I have an interactive whiteboard but absolutely no idea how to use it effectively – the “training” consisted of a brief talk and demonstration at a full staff meeting when they were fitted in every classroom (because the grant had to be used). What a waste of money. Not the boards, they’re brilliant when you can use them, but the lack of any genuine training so that they can be used effectively. Even a manual would do – I;m quite good at working my way through them – but no.

    Which brings me back to the JC… without full and effective In-service BEFORE the reforms are introduced, it will end up being more of the same: good teachers frustrated because they have to muddle through. Not. Good. Enough.

    • Please see my postscript above. No heart attacks but I love books and I love teachers and I’d hate anyone to think otherwise simply because I also love edtech…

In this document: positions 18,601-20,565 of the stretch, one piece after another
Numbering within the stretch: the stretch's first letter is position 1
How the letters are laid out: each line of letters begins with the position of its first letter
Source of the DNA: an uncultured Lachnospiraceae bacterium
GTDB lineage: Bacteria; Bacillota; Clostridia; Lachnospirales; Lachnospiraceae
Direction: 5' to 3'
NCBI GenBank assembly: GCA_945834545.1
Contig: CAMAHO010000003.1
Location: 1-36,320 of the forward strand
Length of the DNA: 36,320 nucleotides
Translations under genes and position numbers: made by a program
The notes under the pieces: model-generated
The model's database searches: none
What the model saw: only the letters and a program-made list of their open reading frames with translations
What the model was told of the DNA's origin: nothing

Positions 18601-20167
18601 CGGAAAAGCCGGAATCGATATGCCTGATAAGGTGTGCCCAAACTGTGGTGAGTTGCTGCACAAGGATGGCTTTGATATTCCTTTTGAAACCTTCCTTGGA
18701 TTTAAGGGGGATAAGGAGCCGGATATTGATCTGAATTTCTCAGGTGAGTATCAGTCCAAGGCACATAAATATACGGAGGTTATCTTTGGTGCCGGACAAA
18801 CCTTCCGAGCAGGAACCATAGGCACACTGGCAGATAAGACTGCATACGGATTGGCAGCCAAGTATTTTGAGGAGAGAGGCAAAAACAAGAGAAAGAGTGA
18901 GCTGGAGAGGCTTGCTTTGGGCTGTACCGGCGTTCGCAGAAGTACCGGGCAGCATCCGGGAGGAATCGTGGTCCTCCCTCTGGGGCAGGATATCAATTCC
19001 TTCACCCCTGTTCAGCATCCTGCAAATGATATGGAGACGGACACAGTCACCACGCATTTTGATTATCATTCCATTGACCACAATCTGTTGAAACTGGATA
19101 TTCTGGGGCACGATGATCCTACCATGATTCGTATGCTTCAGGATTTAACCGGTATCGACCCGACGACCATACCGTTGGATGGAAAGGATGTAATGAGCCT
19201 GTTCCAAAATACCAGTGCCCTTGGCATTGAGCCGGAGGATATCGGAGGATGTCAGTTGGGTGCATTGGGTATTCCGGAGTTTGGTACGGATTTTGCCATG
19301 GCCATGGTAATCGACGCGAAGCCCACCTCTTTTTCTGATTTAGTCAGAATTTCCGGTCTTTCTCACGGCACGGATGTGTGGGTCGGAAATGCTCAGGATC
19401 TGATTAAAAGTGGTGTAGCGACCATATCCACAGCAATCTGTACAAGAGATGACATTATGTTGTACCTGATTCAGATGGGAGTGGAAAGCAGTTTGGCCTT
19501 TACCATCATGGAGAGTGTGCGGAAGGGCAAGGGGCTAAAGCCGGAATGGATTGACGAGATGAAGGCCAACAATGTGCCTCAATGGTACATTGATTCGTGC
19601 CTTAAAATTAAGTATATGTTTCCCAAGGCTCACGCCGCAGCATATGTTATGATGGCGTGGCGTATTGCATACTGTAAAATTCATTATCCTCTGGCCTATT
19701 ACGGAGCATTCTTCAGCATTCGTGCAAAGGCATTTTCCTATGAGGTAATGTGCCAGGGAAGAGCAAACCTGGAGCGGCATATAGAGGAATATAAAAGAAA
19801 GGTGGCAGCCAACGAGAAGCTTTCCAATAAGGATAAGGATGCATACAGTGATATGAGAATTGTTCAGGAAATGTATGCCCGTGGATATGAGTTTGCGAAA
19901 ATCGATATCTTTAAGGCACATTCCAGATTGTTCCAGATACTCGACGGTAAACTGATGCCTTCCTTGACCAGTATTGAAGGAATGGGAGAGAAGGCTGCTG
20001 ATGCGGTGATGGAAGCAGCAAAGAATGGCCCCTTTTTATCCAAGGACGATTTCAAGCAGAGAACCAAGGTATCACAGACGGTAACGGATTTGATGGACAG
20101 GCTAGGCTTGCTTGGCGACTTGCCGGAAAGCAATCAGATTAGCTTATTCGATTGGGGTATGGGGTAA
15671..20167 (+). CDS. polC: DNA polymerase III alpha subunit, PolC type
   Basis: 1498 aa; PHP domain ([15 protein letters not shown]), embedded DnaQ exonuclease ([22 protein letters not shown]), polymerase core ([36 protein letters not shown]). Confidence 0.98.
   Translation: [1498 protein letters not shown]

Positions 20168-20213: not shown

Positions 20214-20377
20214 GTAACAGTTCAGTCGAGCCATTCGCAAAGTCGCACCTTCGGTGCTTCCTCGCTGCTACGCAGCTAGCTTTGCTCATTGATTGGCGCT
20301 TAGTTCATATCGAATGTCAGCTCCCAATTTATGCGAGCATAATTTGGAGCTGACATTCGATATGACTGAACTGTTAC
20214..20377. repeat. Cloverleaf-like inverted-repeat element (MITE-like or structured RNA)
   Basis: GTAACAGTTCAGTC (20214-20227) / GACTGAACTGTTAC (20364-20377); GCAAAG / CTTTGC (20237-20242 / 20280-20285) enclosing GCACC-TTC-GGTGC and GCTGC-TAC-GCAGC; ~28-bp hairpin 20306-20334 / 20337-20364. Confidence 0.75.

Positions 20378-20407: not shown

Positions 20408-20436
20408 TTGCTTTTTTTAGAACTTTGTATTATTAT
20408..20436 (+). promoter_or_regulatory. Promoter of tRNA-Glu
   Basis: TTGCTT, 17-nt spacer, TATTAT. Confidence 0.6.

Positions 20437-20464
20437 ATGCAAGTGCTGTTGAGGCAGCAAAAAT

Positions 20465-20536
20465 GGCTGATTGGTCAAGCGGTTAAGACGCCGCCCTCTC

• marc362 says:

        Didn’t mean to imply that Evelyn by any means! Dinosaur ref was joke only. Love your study…

        • thanks mar x think a long long week has just finally caught up with me! ah well, thank crunchie it’s Friday tomorrow 😉

          • Conor Murphy says:

            I kinda presumed you read books as well as e-stuff. Just do me two favours please,
            1. No more phrases like ‘stone age’ when referring to non-edtech teaching. It sounds condescending (which I know you don’t mean) but worse than that is that you come across as one of those born-again-runners/cyclists. God those guys tick me off. Mid life crisis in their mid thirties!